'I am North Preston': How community, love shapes this singer's music
'Every single song and creation ... it starts from love,' says Keonté Beals
Keonté Beals wants to make something clear: he isn't just from North Preston, and he doesn't just live in North Preston.
He is North Preston.
The R&B singer, who hails from one of Canada's largest indigenous Black communities, credits his music to North Preston and the love that surrounded him while growing up.
"Every single song and creation, that's definitely the foundation of it. It starts from love," Beals told CBC's Mainstreet.
The 23-year-old recently released a new album, KING, which tackles the concepts of identity, the Black male experience, and letting go of stereotypes.
That includes stereotypes about his own tight-knit community, about 25 minutes northeast of peninsular Halifax.
"When people think about North Preston, for the most part, they think about the most negative aspects," he said.
"When people come to me and they say those things, I test them with, 'Well, if that's true, then how do you look at me? Then how do you perceive me?'"
The goal of the album, said Beals, is to show people that it's OK to be vulnerable and show their weaknesses and insecurities.
"You know, it's crazy that humans naturally hide those things, and those things are what make us all unique and make us beautiful," he said.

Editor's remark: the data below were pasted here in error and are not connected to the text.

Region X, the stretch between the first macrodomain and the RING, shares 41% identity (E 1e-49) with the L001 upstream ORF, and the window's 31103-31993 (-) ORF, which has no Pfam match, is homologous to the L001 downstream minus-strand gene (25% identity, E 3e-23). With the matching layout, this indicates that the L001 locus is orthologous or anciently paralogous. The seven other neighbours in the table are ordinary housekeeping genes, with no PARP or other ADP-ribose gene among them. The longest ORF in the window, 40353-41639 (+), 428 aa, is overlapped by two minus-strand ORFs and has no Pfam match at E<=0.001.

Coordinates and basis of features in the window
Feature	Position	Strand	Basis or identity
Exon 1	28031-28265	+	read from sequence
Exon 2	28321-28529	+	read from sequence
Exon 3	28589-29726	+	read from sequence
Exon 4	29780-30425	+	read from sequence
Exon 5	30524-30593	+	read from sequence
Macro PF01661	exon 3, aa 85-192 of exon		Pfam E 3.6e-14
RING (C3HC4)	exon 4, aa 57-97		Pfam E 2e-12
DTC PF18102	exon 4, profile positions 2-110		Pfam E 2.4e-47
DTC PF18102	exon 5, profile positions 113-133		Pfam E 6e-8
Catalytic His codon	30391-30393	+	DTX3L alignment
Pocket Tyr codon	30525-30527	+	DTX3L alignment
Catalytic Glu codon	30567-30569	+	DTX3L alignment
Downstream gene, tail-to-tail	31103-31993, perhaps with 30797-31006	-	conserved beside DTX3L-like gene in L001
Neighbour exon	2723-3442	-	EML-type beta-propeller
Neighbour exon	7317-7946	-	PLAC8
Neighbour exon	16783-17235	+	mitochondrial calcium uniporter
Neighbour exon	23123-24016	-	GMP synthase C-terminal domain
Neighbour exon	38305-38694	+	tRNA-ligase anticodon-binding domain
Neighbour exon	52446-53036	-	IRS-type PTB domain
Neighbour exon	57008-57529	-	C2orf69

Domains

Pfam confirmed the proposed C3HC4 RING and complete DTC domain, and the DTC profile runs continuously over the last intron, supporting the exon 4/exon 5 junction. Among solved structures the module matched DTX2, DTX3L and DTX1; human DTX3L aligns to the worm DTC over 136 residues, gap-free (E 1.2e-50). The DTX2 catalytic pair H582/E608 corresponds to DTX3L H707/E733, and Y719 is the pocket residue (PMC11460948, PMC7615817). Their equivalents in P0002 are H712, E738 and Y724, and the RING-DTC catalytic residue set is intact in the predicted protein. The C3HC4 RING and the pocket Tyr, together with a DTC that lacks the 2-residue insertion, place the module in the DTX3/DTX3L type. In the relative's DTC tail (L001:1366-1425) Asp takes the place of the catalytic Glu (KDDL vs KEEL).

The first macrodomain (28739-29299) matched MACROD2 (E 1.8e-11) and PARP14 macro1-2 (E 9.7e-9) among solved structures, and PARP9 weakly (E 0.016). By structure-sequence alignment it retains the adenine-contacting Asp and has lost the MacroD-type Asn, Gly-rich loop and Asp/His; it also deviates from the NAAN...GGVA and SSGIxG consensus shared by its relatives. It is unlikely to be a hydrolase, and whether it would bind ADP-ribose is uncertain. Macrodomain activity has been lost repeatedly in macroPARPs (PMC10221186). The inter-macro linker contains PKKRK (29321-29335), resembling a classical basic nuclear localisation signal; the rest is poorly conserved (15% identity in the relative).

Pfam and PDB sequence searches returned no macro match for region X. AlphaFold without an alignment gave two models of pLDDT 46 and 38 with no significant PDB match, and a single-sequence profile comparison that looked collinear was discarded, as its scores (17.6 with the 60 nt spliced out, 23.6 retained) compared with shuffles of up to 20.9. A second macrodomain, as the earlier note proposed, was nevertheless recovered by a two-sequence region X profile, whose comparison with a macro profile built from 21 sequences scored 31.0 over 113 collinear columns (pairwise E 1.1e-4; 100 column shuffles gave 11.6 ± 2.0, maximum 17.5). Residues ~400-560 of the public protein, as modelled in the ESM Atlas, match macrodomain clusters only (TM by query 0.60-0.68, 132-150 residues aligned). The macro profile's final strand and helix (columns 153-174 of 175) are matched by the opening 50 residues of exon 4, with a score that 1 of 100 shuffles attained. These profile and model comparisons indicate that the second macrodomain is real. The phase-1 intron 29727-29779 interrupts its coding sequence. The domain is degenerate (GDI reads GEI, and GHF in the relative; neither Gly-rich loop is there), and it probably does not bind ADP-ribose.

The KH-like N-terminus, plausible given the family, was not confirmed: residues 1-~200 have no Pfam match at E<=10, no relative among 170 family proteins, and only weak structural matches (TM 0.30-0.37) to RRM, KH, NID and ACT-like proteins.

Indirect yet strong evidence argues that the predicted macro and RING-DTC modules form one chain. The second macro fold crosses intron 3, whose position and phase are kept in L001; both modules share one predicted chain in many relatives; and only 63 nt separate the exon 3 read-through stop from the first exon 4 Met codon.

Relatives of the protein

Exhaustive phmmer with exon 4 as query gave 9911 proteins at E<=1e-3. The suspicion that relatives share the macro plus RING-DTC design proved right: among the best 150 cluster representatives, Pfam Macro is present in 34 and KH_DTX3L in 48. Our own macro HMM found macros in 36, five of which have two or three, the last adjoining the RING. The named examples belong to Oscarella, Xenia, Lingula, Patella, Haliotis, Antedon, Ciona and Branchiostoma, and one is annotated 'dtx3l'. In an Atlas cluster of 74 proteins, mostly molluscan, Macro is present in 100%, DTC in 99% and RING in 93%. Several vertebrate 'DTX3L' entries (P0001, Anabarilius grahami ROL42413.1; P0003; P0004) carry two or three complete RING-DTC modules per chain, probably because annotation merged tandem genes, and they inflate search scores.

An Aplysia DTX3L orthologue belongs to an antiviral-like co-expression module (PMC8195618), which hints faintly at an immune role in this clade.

That lesson was imparted to him by his great-grandmother, who lived with him while he was growing up. Beals was raised in a large household and shared a room with four of his cousins.
"It was filled with love. I felt that the whole time growing up," he said.
"It was … coming from that atmosphere that really shaped me and how I am today, how I see things today."
'The strength that we carry'
Beals first learned to sing in the choir of his local church, and he credits his gospel-inspired sound to that experience.
But gospel is more than just musical style for him. It also lends the ability to "connect with the listener on a deeper level, on a spiritual level."
"It doesn't matter what genre, either," he said.
"When you have singers coming from different genres, but their background is gospel music, you still feel that same vibe, you still feel that same connection, and that's what makes it authentic."
Beals said that many of the people who hold negative views toward North Preston may not have visited the community or know much about it.
"I make sure to let everybody know that I am North Preston," he said.
"I am definitely a living representation of what my people are and the strength that we carry."
For more stories about the experiences of Black Canadians — from anti-Black racism to success stories within the Black community — check out Being Black in Canada, a CBC project Black Canadians can be proud of. You can read more stories here.
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With files from Mainstreet